3
$\begingroup$

I want to come up with a language that satisfies the pumping lemma while not being a regular expression.

I thought of $\{0^i1^j: i > j > 0\} $. The pumping seems to work just fine, and this is not a regular expression, as it would not be possible to create an automata that recognizes it. This last part is where I'm having a bit of trouble, as I think I have the right idea, but can't formalize it. This language is just a regular expression $\big(\{0^i : i \in \mathbb{N}\}\big)$ concatenated with something that is not a regular expression $\big(\{0^i1^i: i \in \mathbb{N}\}\big)$.

Is my thought process correct? Can this be generalized? If $L$ is a RE and $L'$ is not, then $LL'$ is also not a RE? I believe so, because we know that if $L$ is a RE then so is $L^r$. And so we end up with $(L')^rL^r$, and we can use the contrapositive of the pumping lemma to prove this language is not regular. Any insight would be helpful!

$\endgroup$
3
$\begingroup$

Yes, $L_>=\{0^i1^j: i > j > 0\} $ is a non-regular language.

However, it does not satisfy the pumping lemma for regular languages. Assume for the sake of contradiction that $p$ is a pumping length for $L_>$. Consider $w=0^{p+1}1^p$. Let $w=xyz$ with $|y|>1$ and $|xy|<p$. Then $y$ contains 0 only. There is no more 0's than 1's in $xy^0z=xz$. That contradicts that $p$ is a pumping length.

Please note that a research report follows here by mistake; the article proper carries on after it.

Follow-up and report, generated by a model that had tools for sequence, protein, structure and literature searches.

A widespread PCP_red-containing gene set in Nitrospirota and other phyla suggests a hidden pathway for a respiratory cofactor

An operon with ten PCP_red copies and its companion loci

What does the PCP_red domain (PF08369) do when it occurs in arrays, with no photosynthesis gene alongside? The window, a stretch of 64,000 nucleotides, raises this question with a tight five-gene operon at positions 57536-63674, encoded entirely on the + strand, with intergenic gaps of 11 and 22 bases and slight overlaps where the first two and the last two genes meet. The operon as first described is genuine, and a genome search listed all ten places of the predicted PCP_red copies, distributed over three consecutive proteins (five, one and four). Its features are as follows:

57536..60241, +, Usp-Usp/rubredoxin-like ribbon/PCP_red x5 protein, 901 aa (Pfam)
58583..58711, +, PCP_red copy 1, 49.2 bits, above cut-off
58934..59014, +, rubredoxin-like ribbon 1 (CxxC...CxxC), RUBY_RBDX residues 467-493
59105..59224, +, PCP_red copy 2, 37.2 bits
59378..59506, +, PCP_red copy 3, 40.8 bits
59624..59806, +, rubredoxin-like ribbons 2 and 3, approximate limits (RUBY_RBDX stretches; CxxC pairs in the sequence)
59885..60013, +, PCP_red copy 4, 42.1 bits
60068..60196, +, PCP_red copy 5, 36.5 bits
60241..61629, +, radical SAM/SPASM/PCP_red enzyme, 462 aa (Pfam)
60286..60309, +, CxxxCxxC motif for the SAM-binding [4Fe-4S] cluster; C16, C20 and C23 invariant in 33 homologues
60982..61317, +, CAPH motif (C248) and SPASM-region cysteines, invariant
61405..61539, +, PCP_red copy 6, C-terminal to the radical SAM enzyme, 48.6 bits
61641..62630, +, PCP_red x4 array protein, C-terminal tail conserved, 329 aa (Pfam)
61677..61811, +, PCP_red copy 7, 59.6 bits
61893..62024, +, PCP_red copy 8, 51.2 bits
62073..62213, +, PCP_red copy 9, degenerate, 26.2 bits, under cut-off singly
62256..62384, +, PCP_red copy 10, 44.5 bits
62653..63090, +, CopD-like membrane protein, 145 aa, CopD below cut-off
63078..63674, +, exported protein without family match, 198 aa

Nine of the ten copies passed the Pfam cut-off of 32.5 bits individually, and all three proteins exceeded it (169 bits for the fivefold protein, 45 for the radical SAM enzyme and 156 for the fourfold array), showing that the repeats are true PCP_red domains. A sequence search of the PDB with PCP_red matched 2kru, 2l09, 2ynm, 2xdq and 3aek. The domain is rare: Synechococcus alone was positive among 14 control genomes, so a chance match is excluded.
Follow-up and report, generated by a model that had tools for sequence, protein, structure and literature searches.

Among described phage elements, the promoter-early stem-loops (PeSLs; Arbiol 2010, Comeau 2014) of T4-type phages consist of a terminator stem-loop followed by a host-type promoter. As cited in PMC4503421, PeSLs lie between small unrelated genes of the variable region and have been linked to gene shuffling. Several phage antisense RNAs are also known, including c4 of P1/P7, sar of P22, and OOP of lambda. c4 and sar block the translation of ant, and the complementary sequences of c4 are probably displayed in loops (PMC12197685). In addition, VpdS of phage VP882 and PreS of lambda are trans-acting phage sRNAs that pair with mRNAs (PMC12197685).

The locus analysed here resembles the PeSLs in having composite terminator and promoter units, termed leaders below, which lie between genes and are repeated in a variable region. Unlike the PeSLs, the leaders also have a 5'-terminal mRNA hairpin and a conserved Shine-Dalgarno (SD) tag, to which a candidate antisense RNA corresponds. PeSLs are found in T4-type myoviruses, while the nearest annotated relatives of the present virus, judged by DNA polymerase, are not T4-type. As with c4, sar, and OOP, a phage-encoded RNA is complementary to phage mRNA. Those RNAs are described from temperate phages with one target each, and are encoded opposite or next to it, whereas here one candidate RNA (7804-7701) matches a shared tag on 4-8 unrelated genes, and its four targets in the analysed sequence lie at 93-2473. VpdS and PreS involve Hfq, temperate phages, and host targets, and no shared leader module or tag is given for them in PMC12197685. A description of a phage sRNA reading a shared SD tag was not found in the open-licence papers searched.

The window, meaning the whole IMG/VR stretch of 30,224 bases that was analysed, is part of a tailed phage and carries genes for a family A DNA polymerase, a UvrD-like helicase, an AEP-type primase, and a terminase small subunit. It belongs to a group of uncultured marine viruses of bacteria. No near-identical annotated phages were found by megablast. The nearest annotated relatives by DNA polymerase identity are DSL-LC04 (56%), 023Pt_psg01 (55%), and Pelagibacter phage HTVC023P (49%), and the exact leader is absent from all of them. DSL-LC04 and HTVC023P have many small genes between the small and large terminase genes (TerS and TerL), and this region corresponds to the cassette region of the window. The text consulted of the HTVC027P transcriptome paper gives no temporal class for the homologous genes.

The most we can say is that all words in $L_>$ can be pumped up.

If $L$ is a RE and $L'$ is not, then $LL'$ is also not a RE?

No. A simple counterexample is $L=\Sigma^*$, the language of all words while $L'$ is any non-regular language that contains the empty word such as $\{a^{n^2}\mid n\in \Bbb N_0\}$. $LL'$ is still the language of all words, which is regular.

Exercise 1. Find two languages $A$ and $B$ such that

  • $A$ is regular
  • $B$ is not regular
  • $A\subsetneq B$
  • $AB$ is regular.

Exercise 2. Find a non-regular language that satisfies the pumping lemma for regular languages.

$\endgroup$
  • $\begingroup$ Thank you for your answer, apreciate it a lot! In regards to Exercise 1, if you choose A = $\varnothing$, then I believe it works :) $\endgroup$ – mathmathmath Jun 29 at 18:29
  • $\begingroup$ @mathmathmath nice answer. To make it more difficult, I should have added $A$ is not empty. $\endgroup$ – Apass.Jack Jun 29 at 19:30
1
$\begingroup$

For a language that isn't regular, but satisfies the pumping lemma, take:

$$ L = \{a b^r c^r \colon r \ge 1\} \cup \{a^r b^s c^t \colon r \ne 1 \wedge s, t \ge 1\} $$

Given $\sigma = a b^r c^r$, you can pump the starting $a$, the result is always in $L$. Given a string that starts with no $a$, you can pump some starting $b$s; if it starts with 2 or more $a$, you can repeat the first two $a$s at will.

Suppose $L$ is regular. Then $L \cap \mathcal{L}(a b^* c^*) = \{a b^r c^r \colon r \ge 1\}$ is regular, but an easy use of the pumping lemma shows this not to be the case.

$\endgroup$

Your Answer

By clicking “Post Your Answer”, you agree to our terms of service, privacy policy and cookie policy

Not the answer you're looking for? Browse other questions tagged or ask your own question.